As Alan Lakein said, “Failing to plan is planning to fail.”

Failure and change are both inevitable, but success is not. Why not plan for all three?

What is your Fourth of July?

On July 5th, 1852, to a packed assembly hall in Rochester, New York, former slave and abolitionist leader Frederick Douglas gave one of the greatest speeches in our nation’s history. In it, he asks,

“What, to the American slave, is your 4th of July? I answer: a day that reveals to him, more than all other days in the year, the gross injustice and cruelty to which he is the constant victim.”

In a speech that lasted a little over 20 minutes, Douglas reminded his audience, which included then-president Millard Fillmore, that while the Declaration of Independence was a brave and noble step toward the absolute emancipation of all Americans, the Constitution on the other hand was complicit and friendly toward slavery and systemic inequality.

Douglas’s words are still relevant today, because they remind us of the treacherous chasm between an institution’s founding ideals and its institutional practice. The American dream is beautiful and noble. The American reality, less so. True, we have made great progress, but progress should not be mistaken for victory.

“I am glad, fellow-citizens, that our nation is so young,” said Douglas, noting that there was still time to put the nation on track before it reached maturity. But we are not as young as we used to be, and we still have a lot of growing up to do.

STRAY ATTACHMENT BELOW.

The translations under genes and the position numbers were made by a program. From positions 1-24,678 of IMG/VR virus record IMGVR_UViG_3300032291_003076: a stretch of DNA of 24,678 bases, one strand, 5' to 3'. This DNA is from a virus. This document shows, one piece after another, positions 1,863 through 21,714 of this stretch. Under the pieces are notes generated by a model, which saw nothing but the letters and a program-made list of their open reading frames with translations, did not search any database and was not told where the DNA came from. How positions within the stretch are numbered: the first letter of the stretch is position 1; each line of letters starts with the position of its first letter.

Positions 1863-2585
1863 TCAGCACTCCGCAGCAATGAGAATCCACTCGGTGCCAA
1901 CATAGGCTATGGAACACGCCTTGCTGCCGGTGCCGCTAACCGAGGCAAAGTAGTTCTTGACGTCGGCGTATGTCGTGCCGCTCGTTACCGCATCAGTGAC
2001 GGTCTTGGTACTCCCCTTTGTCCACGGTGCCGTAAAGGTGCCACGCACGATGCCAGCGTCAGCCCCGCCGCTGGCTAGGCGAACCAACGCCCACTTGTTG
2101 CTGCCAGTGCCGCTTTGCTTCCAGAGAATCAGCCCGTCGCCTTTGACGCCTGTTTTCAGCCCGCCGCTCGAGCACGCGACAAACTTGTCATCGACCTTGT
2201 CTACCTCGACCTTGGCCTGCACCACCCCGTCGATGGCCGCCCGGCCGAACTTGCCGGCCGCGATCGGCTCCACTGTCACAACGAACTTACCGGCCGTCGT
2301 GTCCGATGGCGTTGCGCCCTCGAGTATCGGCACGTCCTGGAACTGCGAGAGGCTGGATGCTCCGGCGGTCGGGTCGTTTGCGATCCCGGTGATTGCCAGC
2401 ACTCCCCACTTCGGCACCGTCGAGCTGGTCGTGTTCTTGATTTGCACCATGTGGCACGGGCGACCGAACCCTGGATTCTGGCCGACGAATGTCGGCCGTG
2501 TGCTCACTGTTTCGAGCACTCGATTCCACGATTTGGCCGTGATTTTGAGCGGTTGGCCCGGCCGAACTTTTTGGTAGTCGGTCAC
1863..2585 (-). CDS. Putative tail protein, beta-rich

“But I do not despair of this country… a change has now come over the affairs of mankind… Intelligence is penetrating the darkest corners of the globe…. No abuse, no outrage, can now hide itself from the all-pervading light.”

Let us hope he is still right.

Confirmation bias will kill you. Being wrong won’t.

On March 25th, a California man named Mike Hughes launched himself 1,875 feet in the air on a homemade rocket to prove the earth was flat. While Hughes was being loaded into an ambulance after his back-injuring takeoff+landing, he announced that he hadn’t managed to prove anything since he couldn’t see any earth beyond the horizon.

A reporter asked him if the horizon he observed was evidence of the natural curve of the earth. “No,” he said, “I just didn’t get high enough to see the whole thing. Next time I’ll have to go even higher.”

There’s a little “Mad” Mike Hughes in all of us. Humans are really bad at being objective. In fact, we an overwhelming tendency to interpret new evidence as confirmation of our existing beliefs. And in the age of google, its easier now than its ever been to find supporting evidence for any belief, regardless of its validity.

So how do we avoid falling victim to confirmation bias? By being wrong.
When is the last time you recall realizing you were wrong. If you can’t remember, it doesn’t mean you’re right all the time. It means you lack self reflection.

Don’t trust people who think they’re right. Trust people who know how to admit when they’re wrong.